Saturday, February 20, 2021

Dematamal Viharaya

Dematamal Viharaya
Photo credit: Google street view

Dematamal Viharaya is a Buddhist temple situated in Okkampitiya in Monaragala District, Sri Lanka.

History
Dematavala, identical to Dematahal, Gamitthavali, or Gamitthapali Vihara founded by King Kavantissa in the 2nd century B.C. is believed to be the present Okkampitiya where the Dematamal Viharaya situated (Nicholas, 1963). A late-Brahmi inscription of King Gothabhaya (253-266 A.D.) has been found in a place called Galkotuwa located in the vicinity of Dematamal Viharaya (Paranavitana, 2001).

The temple is also popular as the place where Prince Tissa took refuge after he was defeated by Prince Gemunu at Yudaganawa.

Dematamal Stupa
The Stupa of Dematamal Viharaya is believed to be one of the oldest Stupas in the country (Paskaran et al., 2011). It is said to have been built by Prince Mahanaga of Ruhuna, a brother of King Devanampiyatissa [(3rd century B.C.) Paskaran et al., 2011].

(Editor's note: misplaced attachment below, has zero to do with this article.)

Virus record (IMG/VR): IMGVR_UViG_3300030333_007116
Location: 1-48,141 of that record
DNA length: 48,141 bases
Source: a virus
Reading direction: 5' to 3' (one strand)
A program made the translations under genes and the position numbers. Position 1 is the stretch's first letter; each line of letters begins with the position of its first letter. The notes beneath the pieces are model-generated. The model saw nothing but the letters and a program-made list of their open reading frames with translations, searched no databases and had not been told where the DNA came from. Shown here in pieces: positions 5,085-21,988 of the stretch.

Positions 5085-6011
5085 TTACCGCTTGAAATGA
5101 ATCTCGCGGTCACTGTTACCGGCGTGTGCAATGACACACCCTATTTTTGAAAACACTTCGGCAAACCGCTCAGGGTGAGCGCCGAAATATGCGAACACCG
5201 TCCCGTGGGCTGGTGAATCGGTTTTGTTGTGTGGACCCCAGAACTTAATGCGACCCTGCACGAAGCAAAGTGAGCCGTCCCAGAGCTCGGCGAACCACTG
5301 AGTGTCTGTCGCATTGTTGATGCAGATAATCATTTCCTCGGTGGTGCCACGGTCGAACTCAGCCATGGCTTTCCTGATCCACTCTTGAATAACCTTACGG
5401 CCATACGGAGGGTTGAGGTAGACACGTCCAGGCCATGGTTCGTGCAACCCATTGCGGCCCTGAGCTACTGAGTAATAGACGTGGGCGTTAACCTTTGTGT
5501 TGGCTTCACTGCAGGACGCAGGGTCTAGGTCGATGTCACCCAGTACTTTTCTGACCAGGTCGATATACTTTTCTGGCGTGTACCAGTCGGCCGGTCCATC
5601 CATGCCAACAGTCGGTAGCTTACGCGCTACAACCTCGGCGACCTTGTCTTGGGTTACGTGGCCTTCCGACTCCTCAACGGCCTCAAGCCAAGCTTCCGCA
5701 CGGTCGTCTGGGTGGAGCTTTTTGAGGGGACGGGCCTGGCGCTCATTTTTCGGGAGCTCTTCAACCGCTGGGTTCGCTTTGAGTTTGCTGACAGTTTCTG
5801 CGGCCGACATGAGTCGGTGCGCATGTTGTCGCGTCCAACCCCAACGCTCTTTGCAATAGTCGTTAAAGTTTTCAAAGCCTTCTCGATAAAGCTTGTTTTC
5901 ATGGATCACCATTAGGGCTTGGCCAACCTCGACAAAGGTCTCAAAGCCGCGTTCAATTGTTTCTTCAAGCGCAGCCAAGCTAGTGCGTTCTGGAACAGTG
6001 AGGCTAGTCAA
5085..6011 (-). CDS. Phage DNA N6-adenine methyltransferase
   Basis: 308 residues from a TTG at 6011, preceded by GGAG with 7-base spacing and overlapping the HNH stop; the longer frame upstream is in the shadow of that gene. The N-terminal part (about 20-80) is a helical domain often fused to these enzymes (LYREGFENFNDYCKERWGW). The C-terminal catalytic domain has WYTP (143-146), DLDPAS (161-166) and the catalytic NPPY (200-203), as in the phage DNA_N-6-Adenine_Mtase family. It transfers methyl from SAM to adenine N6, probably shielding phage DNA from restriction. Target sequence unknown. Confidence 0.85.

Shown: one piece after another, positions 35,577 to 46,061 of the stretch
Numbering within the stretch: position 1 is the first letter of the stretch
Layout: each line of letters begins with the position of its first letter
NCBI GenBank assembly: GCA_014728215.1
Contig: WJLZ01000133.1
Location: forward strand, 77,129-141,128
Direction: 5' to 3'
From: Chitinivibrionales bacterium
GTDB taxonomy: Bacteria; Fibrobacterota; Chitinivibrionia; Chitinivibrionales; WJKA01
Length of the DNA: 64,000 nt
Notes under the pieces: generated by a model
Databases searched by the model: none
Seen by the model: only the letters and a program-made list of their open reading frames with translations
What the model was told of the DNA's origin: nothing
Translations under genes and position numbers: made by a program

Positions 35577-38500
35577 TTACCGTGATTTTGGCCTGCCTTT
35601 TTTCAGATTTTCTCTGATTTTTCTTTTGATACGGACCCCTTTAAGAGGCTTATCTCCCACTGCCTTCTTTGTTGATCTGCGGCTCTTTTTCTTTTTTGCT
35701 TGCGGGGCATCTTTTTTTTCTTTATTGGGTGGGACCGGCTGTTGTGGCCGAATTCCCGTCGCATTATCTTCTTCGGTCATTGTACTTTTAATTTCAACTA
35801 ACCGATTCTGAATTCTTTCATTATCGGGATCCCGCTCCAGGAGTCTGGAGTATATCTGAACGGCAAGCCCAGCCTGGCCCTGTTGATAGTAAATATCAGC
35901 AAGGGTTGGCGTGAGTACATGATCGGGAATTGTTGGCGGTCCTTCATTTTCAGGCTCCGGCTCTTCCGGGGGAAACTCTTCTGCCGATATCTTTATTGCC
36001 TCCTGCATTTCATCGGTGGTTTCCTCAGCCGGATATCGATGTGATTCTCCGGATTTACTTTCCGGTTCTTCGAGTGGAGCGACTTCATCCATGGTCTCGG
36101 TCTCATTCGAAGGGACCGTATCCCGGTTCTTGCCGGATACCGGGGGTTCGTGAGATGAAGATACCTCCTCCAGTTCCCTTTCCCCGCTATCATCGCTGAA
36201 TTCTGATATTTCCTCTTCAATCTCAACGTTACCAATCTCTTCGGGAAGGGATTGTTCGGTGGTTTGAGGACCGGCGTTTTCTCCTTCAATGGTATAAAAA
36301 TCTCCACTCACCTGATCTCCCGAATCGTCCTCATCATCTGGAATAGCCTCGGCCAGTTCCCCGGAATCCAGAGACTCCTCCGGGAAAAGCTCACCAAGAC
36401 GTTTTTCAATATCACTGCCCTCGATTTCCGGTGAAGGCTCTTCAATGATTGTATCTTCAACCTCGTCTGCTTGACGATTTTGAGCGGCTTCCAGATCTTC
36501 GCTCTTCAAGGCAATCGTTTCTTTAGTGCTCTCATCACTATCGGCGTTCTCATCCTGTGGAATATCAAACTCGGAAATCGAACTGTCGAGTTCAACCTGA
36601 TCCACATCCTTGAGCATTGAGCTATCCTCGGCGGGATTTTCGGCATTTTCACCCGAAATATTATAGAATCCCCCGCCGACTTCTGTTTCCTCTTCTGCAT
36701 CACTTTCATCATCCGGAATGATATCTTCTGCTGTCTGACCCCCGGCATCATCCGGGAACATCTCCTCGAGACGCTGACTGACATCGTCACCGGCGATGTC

Restoration
The restoration works of the Stupa was commenced in 1975 and completed in 1990 (Paskaran et al., 2011). It was repaired again in 1992. The present Stupa is 19 m tall (Paskaran et al., 2011).

A protected site
The Stupa, stone pillars, and other ancient structures in Dematamal Vihara premises situated in Okkampitiya village in the Divisional Secretary’s Division, Buttala are archaeological protected monuments, declared by a government Gazette notification published on 27 December 1974.

References
1) Nicholas, C. W., 1963. Historical topography of ancient and medieval Ceylon. Journal of the Ceylon Branch of the Royal Asiatic Society, New Series (Vol VI). Special Number: Colombo. Royal Asiatic Society (Ceylon Branch). p.54.
2) Paskaran, S., Perera, M., Kumara, D., Jayasinghe, T., Jayasinghe, C. and Lewangamage, S., 2011. Study on the cracks developed in Dematamal Viharaya, Uva Province Sri Lanka. Proceeding of the  International Conference on Structural Engineering, Construction and Management (ICSECM-2.11)  Kandy. pp.301-309.
3) Paranavitana, S., 2001 (Edited by Dias, M.). Inscriptions of Ceylon: Vol. II. Part II. Archaeological Survey Department, Sri Lanka. pp.181-183.
4) The Gazette of the Democratic Socialist Republic of Sri Lanka. no: 144. 27 December 1974.

Location Map
This page was last updated on 2 May 2021
For a complete tourist map follow this link: Lankapradeepa Tourist Map

0 comments:

Post a Comment